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Short and Sweet: Haiku for Four Seasons

Updated on January 6, 2016

Llanberis High Street Early on a Spring Morning


Earth spins more quickly,

open wide spring morning’s sash,

totter on frail pins.

This haiku comments on the feeling of frailty one has as an older adult, and contrasts that feeling with the ever-busier world and with the energetic embrace of life as felt by those physically younger and stronger. Contrast is clear between the excitement and outpouring of energy in a spring morning and the weakness of an aging body, especially when first arising.


Unyielding sun’s scorch

reflects the sound of children

yelling as they play.

This haiku compares the screams of children at play to the intense blast of the summer sun. While I certainly remember with pleasure playing as a child, I wrote this a few years ago after miserably enduring hours of screaming games played by neighborhood children in the complex's swimming pool, which unfortunately was just outside the window at my apartment. The intensity of both the sun and playing children during their summer vacation expresses one side of the season of summer.


Lethargy and the

slow, hot autumn night falling

leave me no escape.

Indian Summer means autumn days that stay warm into evening. Despite the approach of cooler weather, one sometimes remains awake and restless into the autumn evening. The idea of "no escape" refers to the position of having to take responsibility for one's insomnia, irritability, needs, and desires when uncomfortable long into evening.


Snowflakes whiter than

blossoms of Edelweiss fall—

the mountain’s cold tears.

The contrast between the lovely sweet Edelweiss flowers of the Alps and the notion of frozen tears is the heart of this poem. If raindrops are tears, snowflakes are simply frozen tears. Additional contrast is formed between the soft, light flowers and snowflakes and the solid hardness of the mountain.


Traditionally, haiku do not have titles since 1) they should be minimal and 2) since the poems themselves should be strong enough to be self-explanatory--no titles needed.

Teaching Haiku Writing

Haiku is a wonderful form of poetry that originated in Japan. Traditional Japanese haiku differs in some ways from the more relaxed modern international form of haiku. Writing modern haiku is rather easy to teach since its form is simple and clear and since most people can easily feel and imagine connections between nature and human experience.

According to Michael Dylan Welch, in a 2003 article, "Ten Tips for Writing Haiku," ( published online at , the author of a haiku should follow ten guidelines, number four being, "Write about common, everyday events in nature and in human life; choose events that give you a moment of understanding or realization about the truth of things around you—but don’t explain them" (par.3).

Welch's "Tips" are excellent, but vary somewhat here and there from traditional rules of haiku. He doesn't mention in the "Tips," for example, the traditionally-essential kareji (cutting word) that "resonates and causes the poem to split or end reflectively" ("What is Haiku?" par. 8). While a kareji is not required in modern international haiku, the original Japanese form was absolutely strict.

Here is a link to an online resource for teaching haiku writing to students in grades 3-5:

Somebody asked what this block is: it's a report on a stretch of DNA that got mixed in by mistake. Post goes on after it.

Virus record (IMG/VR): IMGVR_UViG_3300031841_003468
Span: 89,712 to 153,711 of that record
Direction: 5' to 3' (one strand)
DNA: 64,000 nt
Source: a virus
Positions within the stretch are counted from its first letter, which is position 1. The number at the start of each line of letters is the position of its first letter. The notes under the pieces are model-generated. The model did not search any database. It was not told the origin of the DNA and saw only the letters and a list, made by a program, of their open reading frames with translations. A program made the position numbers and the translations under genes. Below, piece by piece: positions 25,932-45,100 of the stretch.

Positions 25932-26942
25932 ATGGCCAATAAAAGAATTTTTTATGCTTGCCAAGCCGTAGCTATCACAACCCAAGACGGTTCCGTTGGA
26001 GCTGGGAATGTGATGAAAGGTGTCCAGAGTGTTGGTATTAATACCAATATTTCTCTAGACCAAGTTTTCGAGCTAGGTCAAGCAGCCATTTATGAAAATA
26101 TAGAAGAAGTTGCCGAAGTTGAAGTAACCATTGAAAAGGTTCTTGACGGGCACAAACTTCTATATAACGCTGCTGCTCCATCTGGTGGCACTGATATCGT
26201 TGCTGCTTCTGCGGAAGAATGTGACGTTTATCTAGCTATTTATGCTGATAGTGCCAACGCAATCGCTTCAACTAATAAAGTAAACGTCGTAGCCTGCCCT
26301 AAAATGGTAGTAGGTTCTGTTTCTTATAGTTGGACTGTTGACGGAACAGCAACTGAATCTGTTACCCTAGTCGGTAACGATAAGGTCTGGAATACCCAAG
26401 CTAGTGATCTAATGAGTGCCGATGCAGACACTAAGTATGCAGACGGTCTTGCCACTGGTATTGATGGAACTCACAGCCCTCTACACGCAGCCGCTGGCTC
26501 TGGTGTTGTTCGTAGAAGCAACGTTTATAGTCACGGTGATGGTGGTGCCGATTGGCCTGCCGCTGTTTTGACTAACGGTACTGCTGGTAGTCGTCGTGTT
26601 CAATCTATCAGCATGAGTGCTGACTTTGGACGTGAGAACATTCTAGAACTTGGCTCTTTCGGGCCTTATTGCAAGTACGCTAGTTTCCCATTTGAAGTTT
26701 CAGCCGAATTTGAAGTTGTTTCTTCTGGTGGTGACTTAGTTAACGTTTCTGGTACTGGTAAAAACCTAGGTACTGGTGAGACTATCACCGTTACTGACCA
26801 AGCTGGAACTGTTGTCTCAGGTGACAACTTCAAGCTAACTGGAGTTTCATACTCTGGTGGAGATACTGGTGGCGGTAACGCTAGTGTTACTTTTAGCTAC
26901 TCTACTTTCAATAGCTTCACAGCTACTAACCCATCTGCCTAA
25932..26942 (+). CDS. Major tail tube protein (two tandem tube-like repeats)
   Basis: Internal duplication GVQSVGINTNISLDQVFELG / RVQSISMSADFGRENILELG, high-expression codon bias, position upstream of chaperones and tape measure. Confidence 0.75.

Works Cited

Welch, Michael Dylan. "Ten Tips for Writing Haiku." . N.p. 28 Feb. 2011. Web. 5 Nov. 2011.

"What is Haiku?" N.p. N. d. Web. 5. Nov. 2011.

Here's a Beautiful Short Tutorial on Writing Haiku


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    • healingsword profile image

      Ann Wehrman 2 years ago from California

      Hi Swalia, Thank you for your kind words and for reading my Hub. Haiku are fun to write; why not experiment with the form? Good luck!

    • swalia profile image

      Shaloo Walia 2 years ago

      Lovely Haikus about seasons and great tips on writing Haiku. This form of poetry is new to me and this hub inspires me to try my hand at it.

    • healingsword profile image

      Ann Wehrman 5 years ago from California

      Hi Phoebe Pike, Thanks very much for stopping by and for your comment. I'm very happy that you feel like writing after reading this Hub!

    • profile image

      Phoebe Pike 5 years ago

      This hub is very useful. I, myself, have some difficulties when it comes to poetry writing, so when I find a hub like this it inspires me to try again.

    • healingsword profile image

      Ann Wehrman 6 years ago from California

      Hi 2uesday,

      Thank you for reading and commenting on my Hub. You're right; writing good Haiku is not as simple as one might think--rather like writing good Hubs, right? Thanks for sharing which you liked best, too. I think I like the autumn one best, but unfortunately, too often I can relate to the spring one with the frail pins.

    • 2uesday profile image

      2uesday 6 years ago

      Hello healingsword this page contains interesting information about Haiku writing. I have attempted this but I found it more difficult than it appears to be. My favorite Haiku here is the winter one, as I read it,it sort of echos like a voice would on a cold snowy day. Thank you.

    • healingsword profile image

      Ann Wehrman 6 years ago from California

      Hi Mysticalmoon,

      You're welcome! I am just beginning with Haiku myself. Have fun writing them!

    • Mysticalmoon profile image

      Mysticalmoon 6 years ago from Idaho Falls, ID

      Thank you for explain Haikus better for other beginner poem writers would understand.